Royal Canadian Mounted Police officers prevented a church from holding a drive-in worship service by blocking the entrance with their squad cars.
The Church of God Steinbach in rural Manitoba shared a video on Facebook Sunday showing police cars lined up along the roadside in an effort to prevent anyone from entering the church's parking lot.
The church was fined $5,000 the week prior for holding an indoor worship service despite restrictions due to the coronavirus. Senior Pastor Henry Hildebrandt asked why the government has banned worship services but is permitting "liquor, cannabis, and department stores" to stay open.
"This principle is not just about in-person services. This is a wholesale attack on faith and the freedom of the church to do its God-called duty," Pastor Hildebrandt declared.
Church on Highway 12 at the RCMP barricade pic.twitter.com/XCKrvI0waV
— Pastor Henry Hildebrandt (@aylmerpastor) November 29, 2020
The pastor called efforts by police, a "fear-mongering tactic," adding that churches have the right and freedom to assemble.
"Yesterday evening, the Manitoba government deemed drive-in services to be illegal," the church wrote on Facebook. "This worship service will be held in protest of these tyrannical edicts. Make no mistake, this is not about a virus."
"God has given us the right to worship Him together and He wants to see His people united," the pastor said. "It seems like we're living in a different Canada. It's very heartbreaking to me."
Last month, British Columbia's Provincial Health Officer Dr. Bonnie Henry suspended all in-person religious gatherings in an attempt to slow the spread of COVID-19.
Henry's decision was met with immediate criticism, including from Catholic Archbishop of Vancouver J. Michael Miller, who called the move "puzzling," noting parishes have not seen substantial viral spread.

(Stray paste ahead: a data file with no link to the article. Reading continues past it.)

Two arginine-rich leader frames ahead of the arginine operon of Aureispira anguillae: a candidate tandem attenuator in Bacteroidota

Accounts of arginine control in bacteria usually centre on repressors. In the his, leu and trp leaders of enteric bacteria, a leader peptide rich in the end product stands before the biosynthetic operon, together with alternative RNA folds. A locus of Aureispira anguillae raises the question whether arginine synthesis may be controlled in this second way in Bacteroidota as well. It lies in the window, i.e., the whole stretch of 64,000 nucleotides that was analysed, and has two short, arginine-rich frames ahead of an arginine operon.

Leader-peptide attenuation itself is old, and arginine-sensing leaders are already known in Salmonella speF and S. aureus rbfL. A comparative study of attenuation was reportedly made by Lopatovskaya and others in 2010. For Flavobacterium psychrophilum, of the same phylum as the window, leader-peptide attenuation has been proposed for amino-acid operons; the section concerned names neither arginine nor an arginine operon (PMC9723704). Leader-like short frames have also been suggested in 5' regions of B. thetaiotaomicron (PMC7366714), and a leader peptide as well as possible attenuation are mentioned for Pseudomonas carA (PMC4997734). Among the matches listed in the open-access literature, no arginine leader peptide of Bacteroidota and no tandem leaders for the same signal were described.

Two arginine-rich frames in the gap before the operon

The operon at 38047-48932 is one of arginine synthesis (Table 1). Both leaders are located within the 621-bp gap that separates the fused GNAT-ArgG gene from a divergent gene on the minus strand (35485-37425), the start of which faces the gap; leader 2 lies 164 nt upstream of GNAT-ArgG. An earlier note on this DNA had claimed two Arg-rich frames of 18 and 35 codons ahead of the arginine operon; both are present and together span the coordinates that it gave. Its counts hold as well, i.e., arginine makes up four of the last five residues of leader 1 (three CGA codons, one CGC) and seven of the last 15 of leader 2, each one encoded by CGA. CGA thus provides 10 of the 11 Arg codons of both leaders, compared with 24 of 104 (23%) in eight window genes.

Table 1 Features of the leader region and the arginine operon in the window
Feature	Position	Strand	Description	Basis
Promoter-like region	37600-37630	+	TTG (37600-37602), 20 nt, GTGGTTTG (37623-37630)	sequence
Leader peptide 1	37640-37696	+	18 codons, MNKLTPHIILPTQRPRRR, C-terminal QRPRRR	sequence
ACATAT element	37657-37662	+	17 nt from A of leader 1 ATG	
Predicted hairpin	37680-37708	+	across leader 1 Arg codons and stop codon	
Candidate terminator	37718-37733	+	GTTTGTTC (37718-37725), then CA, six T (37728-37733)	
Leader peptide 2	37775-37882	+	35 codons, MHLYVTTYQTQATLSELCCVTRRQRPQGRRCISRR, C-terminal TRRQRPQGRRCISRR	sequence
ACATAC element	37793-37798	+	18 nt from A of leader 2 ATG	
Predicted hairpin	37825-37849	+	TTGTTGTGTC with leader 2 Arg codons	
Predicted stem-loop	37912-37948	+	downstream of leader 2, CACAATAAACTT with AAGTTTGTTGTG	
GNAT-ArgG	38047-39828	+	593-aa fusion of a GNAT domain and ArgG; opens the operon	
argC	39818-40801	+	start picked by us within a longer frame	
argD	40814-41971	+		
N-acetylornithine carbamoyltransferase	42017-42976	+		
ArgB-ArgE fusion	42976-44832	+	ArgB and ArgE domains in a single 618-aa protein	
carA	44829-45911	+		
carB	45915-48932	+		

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A Bold Breach of Provincial Orders
And one Canadian reporter apparently camped out at a church in British Columbia over the weekend to count how many people went to a worship service - a "bold breach" of provincial orders.
CBC News' Georgie Smyth announced she counted "more than 60 people inside this church in Chilliwack," a development she described as "a bold breach of provincial health orders to suspend gatherings due to record high Covid cases."
In a letter shared last week, Hildebrandt stressed that while "the Bible teaches Christians to be good citizens and obey the reasonable demands of our government," however, it does not "teach blind obedience to the authorities when onerous restrictions are placed on our freedoms."
Steinbach RCMP Releases a Statement
CBN News contacted the Steinback RCMP for comment and in an emailed statement, they responded that they did not block church services:
"Church services are fully able to take place virtually, according to Public Health Orders, so that people are not congregating in one place creating the potential for spread of COVID-19.
Steinbach RCMP were aware of the intentions of the Church of God to hold services on the morning of November 29, 2020, that would violate current Province of Manitoba Public Health Orders. We sent out a notice on November 27, 2020, to advise people what those orders entail in the hope they would not gather. However, parishioners attended the church on the morning of November 29.
Steinbach RCMP had officers and members of the Divisional Liaison Team on scene who met and spoke with the numerous parishioners who attended to the church. They were advised of the current Public Health Orders in place and were given the option of entering the property in violation of those orders and being fined or the option of returning home. Most of the parishioners, but one, understood the message and returned home. The one adult male stated he wished to continue on and was given a $1296 fine. Approximately 125 people were spoken to and returned home. The investigation is continuing and more tickets are possible.
Violating Public Health Orders is an offence. These orders are in place for everyone's safety. All citizens of Manitoba are directed not to congregate, and those directions supersede all other acts at this time. Please stay safe and stay home. As for future church services, we truly hope that everyone abides by the health orders that are in place for the safety of all. If they do not abide, they are subject to the applicable fines."
CORRECTION: An earlier version of this story incorrectly labeled Dr. Bonnie Henry as Canada's Provincial Health Officer when she only serves in that position for one province, British Columbia.